HOW MRS SOLLY RETURNED TO PARADISE
by Norman Smith
This article was originally published in the December 2008 edition of Soul Search, the journal of The Sole Society
Soul Search for August 2007 (volume 3 number 8) carried an article (submitted by Sue Solley) from the ‘Thanet Advertiser and Echo’ for 30th August 1938 entitled ‘Left Paradise to Bring up 13 Children: Mrs Solly’s Large Family’. At the time, Mrs Solly was living at 42 Central Road with her eldest daughter Mrs Belsey, both Harriet’s.
Like her husband, Mrs Solly was born and bred in Ramsgate, as were all her children. She never moved far. Residing at Paradise prior to her marriage, she subsequently moved across Ramsgate High Street to Eagle Hill where she remained until the death of her husband. In addition to providing reminiscences of life in late nineteenth and early twentieth Ramsgate, Mrs Solly revealed that she had 10 children, 41 grandchildren and 9 great-grandchildren then living.
I am one of those great-grandchildren, having been born (also in Ramsgate) in 1936. Sadly, I have only two memories of ‘Grandma Solly’, as we referred to her. The first is of a small old lady in dressed in black giving sixpence, probably in 1942. The other is of standing at the junction of Ramsgate’s Winifred and Margate Roads watching the passing of her funeral cortège early in 1943 – hence this piece’s title.
Though not formally commemorated as such, I have always regarded Grandma Solly as a World War II victim. She and her daughter had left Ramsgate during its mass evacuation in 1940 to seek refuge in the Potteries. Two years later the danger of invasion had passed while the bombing and shelling were much reduced. So they returned to take up residence in Coleman Crescent, their house being clearly visible from our own a short distance away in Margate Road. It turned out to be an unfortunate decision.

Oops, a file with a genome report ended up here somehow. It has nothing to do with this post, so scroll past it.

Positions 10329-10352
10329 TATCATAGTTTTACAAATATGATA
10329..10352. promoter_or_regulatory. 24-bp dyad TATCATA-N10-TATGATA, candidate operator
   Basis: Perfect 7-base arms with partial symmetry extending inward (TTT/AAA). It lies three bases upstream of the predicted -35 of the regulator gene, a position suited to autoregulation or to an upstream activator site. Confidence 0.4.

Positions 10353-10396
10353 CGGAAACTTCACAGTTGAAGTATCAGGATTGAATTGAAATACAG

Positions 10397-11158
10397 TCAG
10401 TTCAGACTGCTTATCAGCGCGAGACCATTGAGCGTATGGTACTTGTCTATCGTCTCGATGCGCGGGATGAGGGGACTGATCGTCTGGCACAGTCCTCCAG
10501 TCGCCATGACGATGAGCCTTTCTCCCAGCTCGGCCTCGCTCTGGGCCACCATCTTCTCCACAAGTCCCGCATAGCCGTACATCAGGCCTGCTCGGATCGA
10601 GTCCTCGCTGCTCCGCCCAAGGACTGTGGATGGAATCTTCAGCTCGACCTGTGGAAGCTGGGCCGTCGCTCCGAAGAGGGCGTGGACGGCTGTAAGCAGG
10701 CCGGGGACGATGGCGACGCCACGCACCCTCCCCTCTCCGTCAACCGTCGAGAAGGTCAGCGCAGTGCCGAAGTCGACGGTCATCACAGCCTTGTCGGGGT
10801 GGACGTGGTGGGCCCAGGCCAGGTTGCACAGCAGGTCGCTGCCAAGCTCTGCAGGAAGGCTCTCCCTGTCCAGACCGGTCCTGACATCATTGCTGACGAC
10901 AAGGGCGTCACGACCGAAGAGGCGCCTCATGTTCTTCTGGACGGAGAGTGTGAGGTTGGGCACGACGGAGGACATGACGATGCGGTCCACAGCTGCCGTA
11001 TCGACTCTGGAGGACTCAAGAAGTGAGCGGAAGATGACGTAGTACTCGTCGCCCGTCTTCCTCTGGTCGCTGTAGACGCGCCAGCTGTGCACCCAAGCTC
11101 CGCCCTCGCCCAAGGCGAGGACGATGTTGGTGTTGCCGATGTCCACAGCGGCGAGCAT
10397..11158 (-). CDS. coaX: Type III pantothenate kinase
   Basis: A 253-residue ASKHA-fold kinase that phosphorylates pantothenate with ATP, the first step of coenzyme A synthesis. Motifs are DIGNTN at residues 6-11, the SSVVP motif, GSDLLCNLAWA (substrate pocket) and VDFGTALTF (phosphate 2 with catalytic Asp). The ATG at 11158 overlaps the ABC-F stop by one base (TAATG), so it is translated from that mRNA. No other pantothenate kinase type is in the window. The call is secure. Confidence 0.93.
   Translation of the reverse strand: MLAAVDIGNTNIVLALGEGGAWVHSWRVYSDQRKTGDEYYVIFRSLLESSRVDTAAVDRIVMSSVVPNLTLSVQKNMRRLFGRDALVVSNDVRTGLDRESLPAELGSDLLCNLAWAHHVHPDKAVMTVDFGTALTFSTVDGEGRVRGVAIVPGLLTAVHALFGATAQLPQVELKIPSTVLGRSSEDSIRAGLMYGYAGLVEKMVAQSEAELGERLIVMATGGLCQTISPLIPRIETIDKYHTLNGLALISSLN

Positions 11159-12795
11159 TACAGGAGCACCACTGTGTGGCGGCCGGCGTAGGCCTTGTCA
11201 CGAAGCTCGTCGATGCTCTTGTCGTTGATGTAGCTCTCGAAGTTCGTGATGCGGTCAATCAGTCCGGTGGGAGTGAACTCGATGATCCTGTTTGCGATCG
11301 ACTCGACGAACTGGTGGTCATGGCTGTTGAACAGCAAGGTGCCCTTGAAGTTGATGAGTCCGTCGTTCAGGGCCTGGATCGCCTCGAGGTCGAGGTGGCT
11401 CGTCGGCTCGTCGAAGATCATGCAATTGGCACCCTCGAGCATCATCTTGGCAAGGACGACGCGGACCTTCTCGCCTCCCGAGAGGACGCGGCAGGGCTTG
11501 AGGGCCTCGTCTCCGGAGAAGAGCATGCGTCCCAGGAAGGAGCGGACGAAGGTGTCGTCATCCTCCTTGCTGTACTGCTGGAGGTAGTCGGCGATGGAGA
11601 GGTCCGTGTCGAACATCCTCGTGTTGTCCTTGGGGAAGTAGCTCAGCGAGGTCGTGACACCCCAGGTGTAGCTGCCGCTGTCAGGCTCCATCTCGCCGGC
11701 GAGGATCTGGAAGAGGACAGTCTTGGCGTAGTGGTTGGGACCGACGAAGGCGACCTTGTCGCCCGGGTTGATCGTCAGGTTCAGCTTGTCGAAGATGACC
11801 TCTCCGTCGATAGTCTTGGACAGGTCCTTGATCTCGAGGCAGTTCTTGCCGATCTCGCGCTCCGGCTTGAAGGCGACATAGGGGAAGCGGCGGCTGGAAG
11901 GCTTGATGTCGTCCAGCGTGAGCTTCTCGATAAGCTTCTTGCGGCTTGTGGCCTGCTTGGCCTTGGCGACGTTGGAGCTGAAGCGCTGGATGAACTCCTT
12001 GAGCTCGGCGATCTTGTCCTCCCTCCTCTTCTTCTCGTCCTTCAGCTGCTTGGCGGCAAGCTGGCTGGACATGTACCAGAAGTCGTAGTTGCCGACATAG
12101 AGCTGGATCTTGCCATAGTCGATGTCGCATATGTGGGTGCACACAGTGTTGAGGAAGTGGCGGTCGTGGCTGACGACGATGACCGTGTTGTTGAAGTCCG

While not yet aged 7, at the time, I remember the morning of Tuesday 26th January 1943 very well. I was at the breakfast table reading a comic (either the ‘Beano’ or the ‘Dandy’) when a German aircraft, clearly visible to me by virtue of its low altitude, dropped a bomb on Coleman Crescent. Its explosion was accompanied by a great cloud of dust and smoke. My father and brother, who had been in bed after a railway night shift, scrambled into their clothes and rushed down to help. There was little they could do. According to Roy Humphreys (‘Thanet at War 1939-1945’, 1991), 4 houses had been demolished, 10 more badly damaged by blast and a 150 others less extensively damaged. Two people were killed and several others injured. Humphreys added:
“People rendered homeless were quickly accommodated by neighbours, including eighty-seven-year-old Mrs Solly, whose ceiling had collapsed on her.”
This was true as far as it went, but sadly, the trauma had proved too much for the old lady and she died within a few days. As for Mrs Belsey (who had raised my own mother), she survived until 1967 and the age of 91. My Solly grandfather lived to 97 and my own mother made nearly 93.
I just have to hope that those Solly genes will keep me going a bit longer.
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